Editor's note: This article will be published in the forthcoming March/April issue of the Gazette.
The answer to the world's biggest problems doesn't lie in any one discipline, be it biology or public health, sociology or medicine. Rather, big problems require big thinkers, people who bring the best insights from a wide spectrum of human knowledge.
Bridging disciplines and training a new generation of cross-specialty collaborators are the goals of Johns Hopkins' new Bloomberg Distinguished Professorships, funded a year ago by alumnus Michael R. Bloomberg, class of 1964. Over the next five years, 50 world-class scholars will be appointed to the professorships; each will be a part of two or more schools and divisions, conduct interdisciplinary research aligned with the university's signature initiatives, and teach undergraduates as well as other students across the university.
As President Ronald J. Daniels and Provost Robert C. Lieberman wrote in a recent campuswide email announcing the first three BDP appointments, "This university is committed, as much or more than any other, to assembling experts from divergent disciplines to attack humanity's most important problems from every angle."
Appointing the first three scholars to these prestigious endowed chairs, says Barbara Landau, vice provost for faculty affairs, is the first step "to putting in place very, very distinguished faculty whose passion, their work, their teaching all revolve around problems that can be solved by bringing together a variety of disciplines."
The first crop of BDPs includes two Nobel laureates at Johns Hopkins, Peter Agre and Carol Greider; and world-renowned sociologist Kathryn Edin, a former Harvard professor who joined the Johns Hopkins faculty in January and has an ongoing Baltimore-based program of research.
Krieger School of Arts and Sciences, Department of Sociology
Bloomberg School of Public Health, Department of Population, Family and Reproductive Health
As one of the nation's leading poverty researchers, sociologist Kathryn Edin provides a glimpse into low-income America: How do single mothers survive on welfare, and why don't more of them work? Where are the fathers, and why do they disengage from their children's lives? Can their lives change as a result of welfare reform? Edin comes to Johns Hopkins from Harvard University—where she was a professor of public policy and chair of the Multidisciplinary Program in Inequality and Social Policy—for a Bloomberg Distinguished Professorship that spans the disciplines of sociology and public health.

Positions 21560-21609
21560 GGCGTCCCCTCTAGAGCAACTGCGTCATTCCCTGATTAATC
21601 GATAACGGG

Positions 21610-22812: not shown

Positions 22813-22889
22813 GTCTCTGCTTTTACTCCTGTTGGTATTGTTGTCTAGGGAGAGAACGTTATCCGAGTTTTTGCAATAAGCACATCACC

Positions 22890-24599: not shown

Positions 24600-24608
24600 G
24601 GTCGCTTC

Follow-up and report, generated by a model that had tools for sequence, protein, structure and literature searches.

The two disciplines may seem disparate, but according to Katherine Newman, dean of the Krieger School of Arts and Sciences, "the field of public health always involved sociology because it's looking at antecedent conditions that lead to health issues: households, family structure, race inequalities … all of that contributes to inequality in health outcomes."
Edin, who moved to Baltimore in August and in February was named a fellow of the American Academy of Political and Social Science, has already made a splash in Washington, D.C., anti-poverty policy circles: Since assuming her position at Hopkins on Jan. 1, she's briefed the U.S. Department of Housing and Urban Development, met with the President's Council of Economic Advisers, spoken to Rep. Nancy Pelosi's staff, and had dinner with Sen. Elizabeth Warren to talk about family policy. But despite the time she's spent in D.C., she's ready to make her new home in Baltimore and at Johns Hopkins.